KQED: How did “Tickle Your Fancy,” your song with Jermaine Jackson, come about?
Jerry: I think our management got a call that Jermaine wanted to meet with Mark and I, and that he had an idea. We couldn’t believe it; we were in such different universes. But of course we always liked The Jacksons’ music and so we met with him, and he wanted us to sing and play on that song.
We were such smart ass guys… I remember recording those background vocals over and over, and we kept singing “Let me tickle your fancy, let me excite your hole,” and the engineer had no idea that we weren’t saying “soul.” At some point after we left the studio they figured it out and we had to come back. We were told, “You really didn’t pronounce the ‘s.'” [Laughs] We had a few days of chuckling to ourselves about it. (You can listen to Jermaine Jackson talk about why he wanted to work with Devo on YouTube.)
KQED: Looking at the merchandise you had back in the day is so great. The products that were made available after Freedom of Choice, the ones advertised in The New Traditionalists are just so out there. Take the “Action Vest” for example — to me, that just seems like the meanest thing you could sell to a kid. It’s made out of Tyvek, so you know that it’s really hot, and it actually covers the crotch area?!
Jerry: Yeah, it had elastic that went under your legs.
KQED: Did they sell?
Jerry: They did sell but it didn’t matter; no merchandiser would deal with us so we had to do it ourselves. We had to put up the money for manufacturing, then we had to hire a guy to fulfill orders and pay him a salary, and then we had to pay postage, and this and that. By the end of the day, with the embezzlement factor and all of the expenses, we basically broke even.
KQED: Somebody stole the money?
Jerry: Yeah, but there wasn’t much money to steal because the products we made were all custom and cost so much to make, there wasn’t a lot of profit. But yeah, the profit was dipped into by our own employees.
KQED: In recent interviews, you’ve said you were working on a Devo musical. Is that still in the works?
KQED: How has that experience been? Have you been obsessed with every aspect?
Jerry: Well, it’s not like what they call in the biz a “popsicle,” where you try to pick some kind of structure and try to string the songs together so it’s like a “song-and-dance” musical. It’s an actual Devo narrative that digs deep into what started Devo. And the songs, and the expression of the songs in the musical are organically integrated, like the way The Book of Mormon was.
KQED: Is that the stepping stone for the Devo musical, The Book of Mormon?
Jerry: Not really; it’s just a musical I respected. It was beautifully realized.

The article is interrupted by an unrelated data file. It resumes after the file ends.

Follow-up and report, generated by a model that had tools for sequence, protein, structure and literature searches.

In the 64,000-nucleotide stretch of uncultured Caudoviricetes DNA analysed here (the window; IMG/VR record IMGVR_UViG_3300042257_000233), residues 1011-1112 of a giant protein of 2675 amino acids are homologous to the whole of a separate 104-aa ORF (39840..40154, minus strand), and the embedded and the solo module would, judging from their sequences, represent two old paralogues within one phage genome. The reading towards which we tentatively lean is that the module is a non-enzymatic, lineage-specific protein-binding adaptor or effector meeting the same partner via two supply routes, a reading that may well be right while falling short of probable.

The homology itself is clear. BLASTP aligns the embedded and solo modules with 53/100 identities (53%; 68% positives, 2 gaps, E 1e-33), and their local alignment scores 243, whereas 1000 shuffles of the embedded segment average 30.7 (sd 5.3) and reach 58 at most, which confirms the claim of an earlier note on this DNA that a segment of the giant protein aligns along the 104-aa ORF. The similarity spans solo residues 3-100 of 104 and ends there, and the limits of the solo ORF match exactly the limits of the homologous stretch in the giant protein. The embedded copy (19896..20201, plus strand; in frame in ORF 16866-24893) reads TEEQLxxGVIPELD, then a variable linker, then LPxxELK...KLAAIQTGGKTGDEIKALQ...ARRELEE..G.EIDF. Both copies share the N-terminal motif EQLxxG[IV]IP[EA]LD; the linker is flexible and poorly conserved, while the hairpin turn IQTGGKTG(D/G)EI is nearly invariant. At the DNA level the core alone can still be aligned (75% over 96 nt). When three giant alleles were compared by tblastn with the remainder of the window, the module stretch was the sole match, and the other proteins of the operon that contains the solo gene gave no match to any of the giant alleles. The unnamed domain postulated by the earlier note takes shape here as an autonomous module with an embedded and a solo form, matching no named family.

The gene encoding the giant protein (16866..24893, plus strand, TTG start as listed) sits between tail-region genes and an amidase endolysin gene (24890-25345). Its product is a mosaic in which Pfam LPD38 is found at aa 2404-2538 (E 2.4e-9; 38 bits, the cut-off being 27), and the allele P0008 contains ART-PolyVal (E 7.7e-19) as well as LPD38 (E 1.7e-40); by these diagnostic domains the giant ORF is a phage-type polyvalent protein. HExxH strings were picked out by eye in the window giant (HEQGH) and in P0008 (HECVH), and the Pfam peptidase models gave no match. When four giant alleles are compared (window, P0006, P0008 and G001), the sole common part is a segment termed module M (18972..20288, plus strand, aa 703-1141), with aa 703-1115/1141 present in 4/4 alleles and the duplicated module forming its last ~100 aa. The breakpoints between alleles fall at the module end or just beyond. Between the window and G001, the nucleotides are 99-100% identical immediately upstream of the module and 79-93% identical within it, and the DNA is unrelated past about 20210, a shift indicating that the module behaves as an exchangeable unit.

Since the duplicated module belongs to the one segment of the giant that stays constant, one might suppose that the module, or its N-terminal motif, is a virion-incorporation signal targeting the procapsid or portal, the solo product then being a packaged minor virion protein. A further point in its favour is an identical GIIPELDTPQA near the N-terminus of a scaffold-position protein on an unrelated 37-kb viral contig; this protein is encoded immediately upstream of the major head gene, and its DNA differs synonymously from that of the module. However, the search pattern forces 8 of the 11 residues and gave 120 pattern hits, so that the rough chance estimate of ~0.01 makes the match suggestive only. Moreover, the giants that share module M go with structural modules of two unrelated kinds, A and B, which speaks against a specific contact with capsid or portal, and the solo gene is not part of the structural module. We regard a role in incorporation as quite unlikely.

There’s a lot of good ideas [in musicals] but the execution has a lot to be desired. The Book of Mormon delivered. [chuckles]
KQED: Are you a big fan of musicals?
Jerry: Most musicals are horrible. [Laughs]
KQED: I was going to say…
Jerry: But there have been great musicals. Certainly West Side Story was a great musical. And even for what it is, Jersey Boys was a well-done musical.
KQED: Singin’ In The Rain?
Jerry: Yep, that was a great one. Most of the great musicals are time capsule musicals. There are not that many current musicals that are noteworthy.
KQED: How did Ryko approach Devo about the Devo Hardcore project?
Jerry: The particulars are a bit fuzzy at this point because it was so long ago. I think it was Don Rose was asking us if we had any recordings that weren’t tied up with Warner Bros or EMI, like from the early days, and we said, “Oh do we! Boy we sure do.” I think we got him a cassette copy and he… [Laughs] He started salivating.
KQED: Is it true that the first time you bought cocaine was after your first performance on Saturday Night Live and John Belushi ended up doing it all?
Jerry: Yeah. [Laughs]
KQED: What happened with that?
Jerry: I offered it to him, thinking he’d take a line, and instead he grabbed the vial, pulled out a glass straw and sucked it all out of the vial.
KQED: Did he do anything to top it off afterward, like flip you off and walk away?
Jerry: No, he just looked at me and made fun of me. He was acting like “Curly” from The Three Stooges the whole time. And then he offered me $200 and I said, “Ah John, I don’t want your money;” I was trying to be cool. He said, “Alright then,” and he rolled it back up — he had a wad of $100 bills inside of a red rubber band — and he put it back in his Blues’ Brothers jacket and left.
Devo playing “O No” in Denver on June 23, 2014 (credit: Devo-Obsesso)